He's ignoring Pittsburgh community leaders who are begging him not to make things worse by visiting.
Civic leaders in Pittsburgh are making it clear they don’t want Trump to visit the grief-stricken city after this weekend's deadly gun rampage at the Tree of Life synagogue — but Trump is ignoring their pleas for him to stay away.
Trump and a few family members are plowing right ahead with their plans to travel to Pittsburgh on Tuesday, just three days after the massacre. Congressional leaders from both parties have reportedly turned down Trump's request that they appear with him in the city.
The gun rampage was carried out by a right-wing radical who yelled about wanting to kill Jews. The gunman was also enraged by conspiracy theories, promoted by Trump and Fox News, that smear a caravan of Honduran refugees migrating to the U.S. as a looming "invasion."
"I do believe that it would be best to put the attention on the families this week, and if he [Trump] were to visit, choose a different time to be able to do it," Pittsburgh's mayor William Peduto told CNN, noting that the 11 victims from Saturday will be buried this week.
"Our focus as a city will be on the families and the outreach that they'll need this week and the support that they'll need to get through it."
Peduto's office reached out to the White House to make its concerns known about his visit, but Trump seems to have waved off those concerns.
The mayor also denounced the idea of arming houses of worship, which Trump suggested immediately following the Pittsburgh massacre. Trump implied that the Jewish victims were to blame for their own deaths because the synagogue didn't have armed guards on site.
"Once you arm and have people in synagogues, in mosques, in churches, and schools, you start to have them in daycares," Peduto told MSNBC. "We might as well move into a prison at that point because we're living in a police state."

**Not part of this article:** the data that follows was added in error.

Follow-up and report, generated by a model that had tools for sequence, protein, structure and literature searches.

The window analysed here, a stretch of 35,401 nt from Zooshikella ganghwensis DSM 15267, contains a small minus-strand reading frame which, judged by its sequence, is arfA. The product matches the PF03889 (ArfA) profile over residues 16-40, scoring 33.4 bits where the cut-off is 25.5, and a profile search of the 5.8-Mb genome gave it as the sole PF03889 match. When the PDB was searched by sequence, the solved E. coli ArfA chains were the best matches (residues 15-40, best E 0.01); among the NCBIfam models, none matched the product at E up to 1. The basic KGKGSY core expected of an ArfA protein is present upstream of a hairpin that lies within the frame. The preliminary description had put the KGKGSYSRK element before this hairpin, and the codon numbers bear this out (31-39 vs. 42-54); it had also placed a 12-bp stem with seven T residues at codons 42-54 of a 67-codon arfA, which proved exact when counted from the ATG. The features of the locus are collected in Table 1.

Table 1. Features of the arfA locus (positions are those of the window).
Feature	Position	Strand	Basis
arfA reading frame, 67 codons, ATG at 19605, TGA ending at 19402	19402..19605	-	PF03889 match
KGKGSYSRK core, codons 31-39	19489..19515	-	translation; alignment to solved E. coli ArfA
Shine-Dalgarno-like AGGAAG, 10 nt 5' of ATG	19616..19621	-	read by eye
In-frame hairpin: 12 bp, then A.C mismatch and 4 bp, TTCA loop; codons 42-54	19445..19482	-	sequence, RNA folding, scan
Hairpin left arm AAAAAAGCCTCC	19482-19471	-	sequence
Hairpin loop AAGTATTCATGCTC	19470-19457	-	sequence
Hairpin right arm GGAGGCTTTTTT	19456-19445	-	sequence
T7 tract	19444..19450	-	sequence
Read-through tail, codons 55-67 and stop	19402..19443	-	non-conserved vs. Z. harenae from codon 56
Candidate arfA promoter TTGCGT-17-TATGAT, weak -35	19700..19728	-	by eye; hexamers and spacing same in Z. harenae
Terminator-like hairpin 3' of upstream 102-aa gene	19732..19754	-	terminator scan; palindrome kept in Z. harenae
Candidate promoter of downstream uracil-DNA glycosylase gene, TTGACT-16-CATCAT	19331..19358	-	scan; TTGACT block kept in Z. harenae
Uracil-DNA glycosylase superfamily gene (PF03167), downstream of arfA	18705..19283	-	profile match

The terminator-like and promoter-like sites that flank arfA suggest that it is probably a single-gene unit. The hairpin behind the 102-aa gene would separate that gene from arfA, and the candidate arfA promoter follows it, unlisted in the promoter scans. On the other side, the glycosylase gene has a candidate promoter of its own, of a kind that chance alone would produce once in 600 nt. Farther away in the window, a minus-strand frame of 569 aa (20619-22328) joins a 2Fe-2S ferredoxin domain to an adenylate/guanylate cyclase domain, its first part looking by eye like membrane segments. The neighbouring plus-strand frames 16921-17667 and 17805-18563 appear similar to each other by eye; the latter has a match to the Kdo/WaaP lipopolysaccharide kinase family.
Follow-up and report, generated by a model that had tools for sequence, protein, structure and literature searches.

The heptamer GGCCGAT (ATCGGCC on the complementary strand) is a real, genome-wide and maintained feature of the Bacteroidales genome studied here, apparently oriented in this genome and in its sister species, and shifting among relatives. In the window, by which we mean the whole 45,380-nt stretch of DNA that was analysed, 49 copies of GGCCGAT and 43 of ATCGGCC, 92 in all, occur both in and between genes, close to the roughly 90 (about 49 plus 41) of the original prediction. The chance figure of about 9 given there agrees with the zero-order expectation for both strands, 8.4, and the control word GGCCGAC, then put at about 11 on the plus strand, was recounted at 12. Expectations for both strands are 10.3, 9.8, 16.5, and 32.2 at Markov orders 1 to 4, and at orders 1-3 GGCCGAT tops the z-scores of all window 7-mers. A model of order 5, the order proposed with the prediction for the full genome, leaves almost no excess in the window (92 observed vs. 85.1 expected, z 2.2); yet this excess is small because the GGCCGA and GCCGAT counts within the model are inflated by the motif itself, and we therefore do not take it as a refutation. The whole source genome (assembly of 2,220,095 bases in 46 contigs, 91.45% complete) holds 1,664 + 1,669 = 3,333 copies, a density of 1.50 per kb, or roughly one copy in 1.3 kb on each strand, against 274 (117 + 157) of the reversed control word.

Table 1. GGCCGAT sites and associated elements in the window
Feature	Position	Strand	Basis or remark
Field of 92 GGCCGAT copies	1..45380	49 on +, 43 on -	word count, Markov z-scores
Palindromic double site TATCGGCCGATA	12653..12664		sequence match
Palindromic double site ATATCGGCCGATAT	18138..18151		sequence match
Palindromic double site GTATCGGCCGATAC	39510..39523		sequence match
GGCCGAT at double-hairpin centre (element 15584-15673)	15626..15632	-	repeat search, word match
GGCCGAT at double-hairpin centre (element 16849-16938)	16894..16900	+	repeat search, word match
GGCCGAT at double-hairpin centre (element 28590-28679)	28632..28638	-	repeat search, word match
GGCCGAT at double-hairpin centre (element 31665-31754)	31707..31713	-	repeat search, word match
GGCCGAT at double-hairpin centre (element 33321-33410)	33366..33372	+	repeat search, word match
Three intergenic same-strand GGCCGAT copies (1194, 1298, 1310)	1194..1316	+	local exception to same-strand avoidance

The mayor is hardly alone in urging Trump to stay away this week.
Tree of Life's former rabbi, Chuck Diamond, also wants Trump to call off his visit.
“I would plead with the president to wait,” said Diamond. "Any president that would come in, any president would be a distraction. And President Trump, he's so divisive and there's such strong feelings on all sides, it will be a distraction."
Trump has recklessly ramped up his violent hate speech in recent weeks and days, and hasn't stopped even after the deadly hate crime in Pittsburgh.
That's another reason some Pittsburgh leaders say Trump isn't welcome.
“Our Jewish community is not the only group you have targeted,” a group of progressive Jewish leaders wrote to Trump following the shooting. “You have also deliberately undermined the safety of people of color, Muslims, LGBTQ people, and people with disabilities. Yesterday’s massacre is not the first act of terror you incited against a minority group in our country."
The people of Pittsburgh are mourning this week, and they don't need Trump around to make things worse.
Published with permission of The American Independent Foundation.